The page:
As part of their effort to validate their views, Liberated Christians (LC) maintains that "biased translations" have perpetrated "lies and deceptions" about the meaning of a key word: porneia. It's enough to quote their thoughts here:
1 Cor 6:9 badly mistranslate "porneia" as fornication. Corinth was a wide-open port city. People there could get sex any way they wanted it. Where our English translations read 'fornication', Paul's original Greek word was 'porneia' which means to sell and refers to slaves bought and sold for cultic prostitution. What was happening in the Temples of Corinth was farmers were visiting the temple priestesses who represented the fertility Gods. By having sex with these prostitutes they believed their fields would be more fertile. It didn't even have to do with going to prostitutes, but pagan cultic worship.
LC goes on to claim that versions which translate the word as "sexual immorality" are wrong, and that it is "really a catch-all term that allows interpreters, both professional and lay, to apply this passage to any sexual behavior at all, far beyond the specific practices to which Paul refers."
Is this (and what is also said of Galatians 5 to the same effect) actually correct? As a matter of fact, it is indeed quite likely that Paul was thinking of sex with temple prostitutes here, but that does not solve LC's problems with this word. Sex with such prostitutes would of course make sense as a sub-species of extra-marital sex, but if that is ALL the word means, then what about these passages:
Matt. 5:32 But I say unto you, That whosoever shall put away his wife, saving for the cause of fornication, causeth her to commit adultery: and whosoever shall marry her that is divorced committeth adultery. (cf. Matt. 15:19, 19:9; Mark 7:21)
John 8:41 Ye do the deeds of your father. Then said they to him, We be not born of fornication; we have one Father, even God.
So then: What Jews of Palestine were having sex with temple prostitutes?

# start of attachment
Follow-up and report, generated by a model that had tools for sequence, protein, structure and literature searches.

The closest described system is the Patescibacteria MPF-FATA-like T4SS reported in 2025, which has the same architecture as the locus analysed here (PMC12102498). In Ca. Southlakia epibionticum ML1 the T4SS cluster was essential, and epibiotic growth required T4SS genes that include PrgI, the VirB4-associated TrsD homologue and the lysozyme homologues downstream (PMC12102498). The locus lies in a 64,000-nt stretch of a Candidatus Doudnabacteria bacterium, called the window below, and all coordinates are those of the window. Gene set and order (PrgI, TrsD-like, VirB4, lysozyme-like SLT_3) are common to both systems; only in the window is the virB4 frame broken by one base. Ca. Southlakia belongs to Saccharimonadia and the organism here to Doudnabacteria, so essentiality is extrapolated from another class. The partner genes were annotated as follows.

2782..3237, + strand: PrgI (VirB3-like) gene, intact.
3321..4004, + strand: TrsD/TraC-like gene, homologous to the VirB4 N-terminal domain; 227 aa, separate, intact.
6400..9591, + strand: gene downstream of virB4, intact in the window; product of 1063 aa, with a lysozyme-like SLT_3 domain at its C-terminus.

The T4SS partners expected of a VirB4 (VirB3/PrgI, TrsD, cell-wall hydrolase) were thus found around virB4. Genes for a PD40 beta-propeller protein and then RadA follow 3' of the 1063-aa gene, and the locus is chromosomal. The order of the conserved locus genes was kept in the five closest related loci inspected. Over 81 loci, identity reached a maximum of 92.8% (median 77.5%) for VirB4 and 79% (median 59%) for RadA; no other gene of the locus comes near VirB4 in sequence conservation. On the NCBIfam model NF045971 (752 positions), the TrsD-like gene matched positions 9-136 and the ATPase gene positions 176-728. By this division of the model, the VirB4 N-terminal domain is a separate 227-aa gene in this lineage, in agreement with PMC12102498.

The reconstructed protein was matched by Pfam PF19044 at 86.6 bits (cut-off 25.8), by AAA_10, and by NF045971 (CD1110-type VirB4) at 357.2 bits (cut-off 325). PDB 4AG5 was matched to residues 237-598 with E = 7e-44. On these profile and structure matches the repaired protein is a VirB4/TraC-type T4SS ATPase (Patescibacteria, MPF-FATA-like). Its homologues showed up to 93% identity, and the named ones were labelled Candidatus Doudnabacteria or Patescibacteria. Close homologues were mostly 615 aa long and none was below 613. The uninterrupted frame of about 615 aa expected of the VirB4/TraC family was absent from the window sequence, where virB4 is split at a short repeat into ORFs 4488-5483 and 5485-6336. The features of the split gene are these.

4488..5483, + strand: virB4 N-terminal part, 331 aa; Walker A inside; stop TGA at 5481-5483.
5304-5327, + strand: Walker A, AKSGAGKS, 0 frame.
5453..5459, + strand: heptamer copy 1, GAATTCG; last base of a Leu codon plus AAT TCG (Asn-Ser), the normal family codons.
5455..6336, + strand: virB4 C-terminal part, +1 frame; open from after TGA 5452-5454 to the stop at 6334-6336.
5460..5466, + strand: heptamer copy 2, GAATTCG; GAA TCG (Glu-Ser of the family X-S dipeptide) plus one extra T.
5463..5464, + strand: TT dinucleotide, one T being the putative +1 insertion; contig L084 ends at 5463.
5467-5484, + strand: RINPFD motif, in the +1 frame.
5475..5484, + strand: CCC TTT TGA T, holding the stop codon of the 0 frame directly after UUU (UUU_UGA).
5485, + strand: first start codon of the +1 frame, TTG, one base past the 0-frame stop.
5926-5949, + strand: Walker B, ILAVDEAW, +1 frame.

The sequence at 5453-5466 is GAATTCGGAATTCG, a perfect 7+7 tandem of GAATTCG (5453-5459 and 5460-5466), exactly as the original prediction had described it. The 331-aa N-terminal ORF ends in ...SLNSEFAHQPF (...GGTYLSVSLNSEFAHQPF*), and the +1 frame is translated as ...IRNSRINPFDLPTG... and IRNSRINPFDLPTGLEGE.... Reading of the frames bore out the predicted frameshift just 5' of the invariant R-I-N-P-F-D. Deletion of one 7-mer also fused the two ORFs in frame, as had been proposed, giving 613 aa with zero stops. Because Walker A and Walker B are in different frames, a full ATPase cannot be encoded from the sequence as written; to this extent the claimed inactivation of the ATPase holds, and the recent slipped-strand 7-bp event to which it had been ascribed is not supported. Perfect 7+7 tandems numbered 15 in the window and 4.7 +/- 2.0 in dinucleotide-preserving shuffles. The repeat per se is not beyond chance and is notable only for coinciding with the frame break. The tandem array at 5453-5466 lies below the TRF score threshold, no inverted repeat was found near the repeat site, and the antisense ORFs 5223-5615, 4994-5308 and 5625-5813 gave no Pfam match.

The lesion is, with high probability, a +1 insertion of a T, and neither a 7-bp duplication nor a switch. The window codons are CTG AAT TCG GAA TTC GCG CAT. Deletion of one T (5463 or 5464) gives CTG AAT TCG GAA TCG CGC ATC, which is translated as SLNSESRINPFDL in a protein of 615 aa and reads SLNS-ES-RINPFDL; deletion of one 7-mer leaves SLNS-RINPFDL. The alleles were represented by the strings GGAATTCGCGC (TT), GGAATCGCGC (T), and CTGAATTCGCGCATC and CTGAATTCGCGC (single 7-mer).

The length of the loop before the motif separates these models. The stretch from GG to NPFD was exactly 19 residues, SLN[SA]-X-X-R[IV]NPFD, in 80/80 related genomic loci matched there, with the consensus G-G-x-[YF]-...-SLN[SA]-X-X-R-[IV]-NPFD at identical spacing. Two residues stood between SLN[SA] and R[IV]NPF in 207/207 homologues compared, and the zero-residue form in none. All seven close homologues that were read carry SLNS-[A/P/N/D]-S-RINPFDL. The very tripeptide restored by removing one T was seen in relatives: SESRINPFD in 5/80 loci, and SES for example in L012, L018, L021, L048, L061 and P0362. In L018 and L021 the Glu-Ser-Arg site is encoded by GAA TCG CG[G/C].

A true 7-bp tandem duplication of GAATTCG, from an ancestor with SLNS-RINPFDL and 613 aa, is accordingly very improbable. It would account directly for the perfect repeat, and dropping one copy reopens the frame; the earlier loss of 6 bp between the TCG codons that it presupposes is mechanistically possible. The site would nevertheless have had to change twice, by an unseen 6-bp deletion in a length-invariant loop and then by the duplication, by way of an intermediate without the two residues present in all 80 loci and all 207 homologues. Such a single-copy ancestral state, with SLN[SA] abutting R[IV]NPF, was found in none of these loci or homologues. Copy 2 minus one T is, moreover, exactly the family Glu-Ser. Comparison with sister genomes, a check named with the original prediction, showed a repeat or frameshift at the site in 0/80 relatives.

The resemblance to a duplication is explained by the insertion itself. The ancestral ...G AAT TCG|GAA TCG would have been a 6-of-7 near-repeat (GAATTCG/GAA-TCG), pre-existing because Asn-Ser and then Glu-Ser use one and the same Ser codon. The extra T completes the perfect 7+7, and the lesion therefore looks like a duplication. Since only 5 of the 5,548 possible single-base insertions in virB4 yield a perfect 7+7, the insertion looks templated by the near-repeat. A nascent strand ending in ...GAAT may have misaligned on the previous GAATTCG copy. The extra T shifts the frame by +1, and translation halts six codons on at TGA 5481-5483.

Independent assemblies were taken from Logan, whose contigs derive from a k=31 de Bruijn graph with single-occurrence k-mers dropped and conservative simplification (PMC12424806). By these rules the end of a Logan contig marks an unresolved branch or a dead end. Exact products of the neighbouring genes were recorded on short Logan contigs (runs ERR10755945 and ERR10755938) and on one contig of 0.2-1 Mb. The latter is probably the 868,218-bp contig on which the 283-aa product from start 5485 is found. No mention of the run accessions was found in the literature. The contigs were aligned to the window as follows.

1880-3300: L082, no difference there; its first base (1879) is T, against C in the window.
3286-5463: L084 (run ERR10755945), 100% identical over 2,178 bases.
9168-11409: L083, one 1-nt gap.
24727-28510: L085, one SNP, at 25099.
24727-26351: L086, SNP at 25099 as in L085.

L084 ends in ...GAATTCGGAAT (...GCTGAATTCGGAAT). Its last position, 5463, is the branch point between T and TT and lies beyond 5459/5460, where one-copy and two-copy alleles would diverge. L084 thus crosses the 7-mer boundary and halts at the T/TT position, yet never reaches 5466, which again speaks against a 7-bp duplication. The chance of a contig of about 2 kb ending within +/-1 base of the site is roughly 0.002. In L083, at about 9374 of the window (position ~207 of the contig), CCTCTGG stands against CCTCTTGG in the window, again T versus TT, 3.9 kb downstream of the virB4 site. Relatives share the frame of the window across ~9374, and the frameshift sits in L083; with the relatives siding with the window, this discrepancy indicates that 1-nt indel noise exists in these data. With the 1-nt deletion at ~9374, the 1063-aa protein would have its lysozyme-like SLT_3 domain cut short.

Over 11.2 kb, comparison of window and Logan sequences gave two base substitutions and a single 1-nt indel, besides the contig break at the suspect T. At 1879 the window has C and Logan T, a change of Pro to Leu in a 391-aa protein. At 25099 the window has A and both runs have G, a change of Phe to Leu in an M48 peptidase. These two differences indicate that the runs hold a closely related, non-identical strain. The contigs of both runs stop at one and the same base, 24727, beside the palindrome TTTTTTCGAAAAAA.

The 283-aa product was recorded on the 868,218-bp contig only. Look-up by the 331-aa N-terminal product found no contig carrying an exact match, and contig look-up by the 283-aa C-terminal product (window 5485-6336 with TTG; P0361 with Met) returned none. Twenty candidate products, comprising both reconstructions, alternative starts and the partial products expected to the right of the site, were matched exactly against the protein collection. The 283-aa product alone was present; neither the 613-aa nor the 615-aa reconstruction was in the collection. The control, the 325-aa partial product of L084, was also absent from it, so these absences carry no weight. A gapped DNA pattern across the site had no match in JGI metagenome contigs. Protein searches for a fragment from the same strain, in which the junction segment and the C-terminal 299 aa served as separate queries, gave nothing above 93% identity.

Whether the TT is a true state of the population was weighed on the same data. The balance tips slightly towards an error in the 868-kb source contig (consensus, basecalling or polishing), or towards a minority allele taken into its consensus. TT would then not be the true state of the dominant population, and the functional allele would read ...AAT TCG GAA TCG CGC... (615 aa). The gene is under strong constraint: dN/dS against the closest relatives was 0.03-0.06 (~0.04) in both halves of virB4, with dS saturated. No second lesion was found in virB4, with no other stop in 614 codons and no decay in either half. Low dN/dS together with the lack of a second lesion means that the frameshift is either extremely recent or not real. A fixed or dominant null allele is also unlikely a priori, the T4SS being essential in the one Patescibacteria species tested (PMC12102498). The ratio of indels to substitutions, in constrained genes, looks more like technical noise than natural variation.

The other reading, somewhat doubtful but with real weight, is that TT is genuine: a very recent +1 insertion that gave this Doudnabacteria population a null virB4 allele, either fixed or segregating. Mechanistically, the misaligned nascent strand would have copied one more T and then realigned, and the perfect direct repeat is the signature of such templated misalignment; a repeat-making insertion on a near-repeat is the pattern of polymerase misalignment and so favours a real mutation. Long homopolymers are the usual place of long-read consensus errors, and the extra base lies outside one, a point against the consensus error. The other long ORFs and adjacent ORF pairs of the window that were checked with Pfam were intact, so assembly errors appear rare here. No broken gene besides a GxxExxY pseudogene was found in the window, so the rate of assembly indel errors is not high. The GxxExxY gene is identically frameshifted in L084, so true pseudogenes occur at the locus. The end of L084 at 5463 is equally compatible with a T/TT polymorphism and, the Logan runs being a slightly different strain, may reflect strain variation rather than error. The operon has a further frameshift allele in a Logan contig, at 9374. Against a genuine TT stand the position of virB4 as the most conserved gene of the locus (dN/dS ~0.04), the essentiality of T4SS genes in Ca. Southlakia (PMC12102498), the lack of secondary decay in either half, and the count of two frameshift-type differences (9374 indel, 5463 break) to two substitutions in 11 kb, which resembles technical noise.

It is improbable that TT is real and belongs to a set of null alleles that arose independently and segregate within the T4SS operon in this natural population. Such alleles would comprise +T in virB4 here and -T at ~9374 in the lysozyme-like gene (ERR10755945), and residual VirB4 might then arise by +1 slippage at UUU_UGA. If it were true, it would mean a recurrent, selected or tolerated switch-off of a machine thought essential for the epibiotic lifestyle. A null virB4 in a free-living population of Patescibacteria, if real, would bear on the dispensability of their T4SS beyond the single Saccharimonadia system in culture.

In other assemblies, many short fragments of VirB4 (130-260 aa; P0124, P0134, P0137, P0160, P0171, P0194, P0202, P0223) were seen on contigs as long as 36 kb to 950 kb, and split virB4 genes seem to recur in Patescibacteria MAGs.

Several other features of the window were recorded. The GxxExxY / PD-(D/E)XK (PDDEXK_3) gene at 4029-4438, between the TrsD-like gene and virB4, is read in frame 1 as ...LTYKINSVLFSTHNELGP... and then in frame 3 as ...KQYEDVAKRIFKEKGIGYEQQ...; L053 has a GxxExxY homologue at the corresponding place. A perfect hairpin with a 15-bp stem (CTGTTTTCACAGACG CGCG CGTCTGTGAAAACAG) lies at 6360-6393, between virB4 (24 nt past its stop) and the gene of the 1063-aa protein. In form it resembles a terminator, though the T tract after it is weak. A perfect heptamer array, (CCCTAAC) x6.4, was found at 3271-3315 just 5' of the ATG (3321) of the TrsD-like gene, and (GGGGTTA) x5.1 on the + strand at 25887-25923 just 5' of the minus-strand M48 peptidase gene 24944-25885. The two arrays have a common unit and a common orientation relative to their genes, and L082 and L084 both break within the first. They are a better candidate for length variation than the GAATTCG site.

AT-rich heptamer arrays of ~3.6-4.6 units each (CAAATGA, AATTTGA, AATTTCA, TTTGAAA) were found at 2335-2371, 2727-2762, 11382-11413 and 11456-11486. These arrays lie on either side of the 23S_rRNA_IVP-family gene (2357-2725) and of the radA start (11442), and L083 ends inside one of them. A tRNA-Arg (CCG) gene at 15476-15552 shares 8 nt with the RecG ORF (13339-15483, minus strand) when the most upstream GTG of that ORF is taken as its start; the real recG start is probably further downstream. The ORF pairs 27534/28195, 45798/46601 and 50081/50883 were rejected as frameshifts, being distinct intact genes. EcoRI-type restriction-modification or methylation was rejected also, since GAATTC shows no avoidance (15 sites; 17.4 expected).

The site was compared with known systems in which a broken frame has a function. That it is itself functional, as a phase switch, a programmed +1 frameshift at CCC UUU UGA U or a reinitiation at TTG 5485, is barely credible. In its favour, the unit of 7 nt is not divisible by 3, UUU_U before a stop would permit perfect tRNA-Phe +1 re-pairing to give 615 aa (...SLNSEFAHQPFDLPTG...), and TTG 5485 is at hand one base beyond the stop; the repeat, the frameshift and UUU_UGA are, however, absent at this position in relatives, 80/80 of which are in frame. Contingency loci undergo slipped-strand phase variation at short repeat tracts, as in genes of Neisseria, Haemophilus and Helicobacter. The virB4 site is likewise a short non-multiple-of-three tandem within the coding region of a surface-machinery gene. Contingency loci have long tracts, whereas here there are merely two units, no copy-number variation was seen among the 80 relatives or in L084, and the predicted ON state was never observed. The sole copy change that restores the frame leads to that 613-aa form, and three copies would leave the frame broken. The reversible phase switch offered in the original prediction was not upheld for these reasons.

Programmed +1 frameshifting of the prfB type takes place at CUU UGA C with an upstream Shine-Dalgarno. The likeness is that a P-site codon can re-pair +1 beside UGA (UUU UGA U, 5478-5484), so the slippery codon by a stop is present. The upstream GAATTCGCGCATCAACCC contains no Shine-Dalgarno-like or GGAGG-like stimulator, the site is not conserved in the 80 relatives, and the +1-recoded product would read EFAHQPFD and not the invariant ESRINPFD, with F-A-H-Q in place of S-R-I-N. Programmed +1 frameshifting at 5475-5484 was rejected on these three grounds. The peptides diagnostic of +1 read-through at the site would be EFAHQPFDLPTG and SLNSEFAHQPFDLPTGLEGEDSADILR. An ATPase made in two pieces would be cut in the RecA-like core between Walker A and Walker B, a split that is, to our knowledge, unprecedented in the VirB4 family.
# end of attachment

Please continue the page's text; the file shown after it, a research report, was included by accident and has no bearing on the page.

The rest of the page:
The John 8:41 cite is particularly relevant. In the OT allegiance to a deity other than YHWH was described in terms of harlotry and fornication. In the NT Christians are identified as the bride of Christ. In these terms the model for marriage is allegiance to ONE party; if "free love" was the order of the day, then LC must make the absurd claim that being the "bride of Christ" permits us to worship Molech. Contextually this is, per se, not a model of sex but of covenant loyalty.
Therefore, to say, as LC does, that "[n]othing in the NT indicates any prohibition of singles' sexuality" is to make a patent mockery of the contextual background which relates marriage to covenant relations between YHWH and His people. To make it a matter of "love over legalism" is a virtual blasphemy against YHWH's own love for his people of the OT; to claim that "marriage" as practiced in the Bible is no longer relevant, is patently absurd especially in light of our future identity as the bride of Christ.
LC quotes a "Prodigy poster" who claims to have written a paper on this subject and to have supported LC's views, but no specifics are addressed and nor are any related Gospel passages. For the matter of Onan, see link 1elow.
LC closes with some material on the alleged healthiness of sexual sharing that runs beyond our scope. It remains that in the matter of porneia, they have conspicuously avoided the passages that are most damaging to their position.
This leaves us with a more detailed look at the word itself in context. On this, one of our favorites, Bruce Malina, wrote in Novum Testamentum some years ago (1972) an article which showed that porneia refers to unlawful sexual intercourse in context -- in short, that which is forbidden by the law. That's it, LC may say: There's no law against pre-marital sex in the OT; hence we can do it all we want. But hold on a sec! Malina adds a caveat in a closing footnote: The likely reason we see no such law is because the ability of a young girl to get involved in such an act is severely handicapped to begin with! LC delights in noting that girls were married at a young age; but this, and that young girls were kept under strict supervision in the household, means that pre-marital sex would have been rarer than hen's teeth -- and thus their "no law against it" defense is as relevant as noting that there is no law against killing a Martian.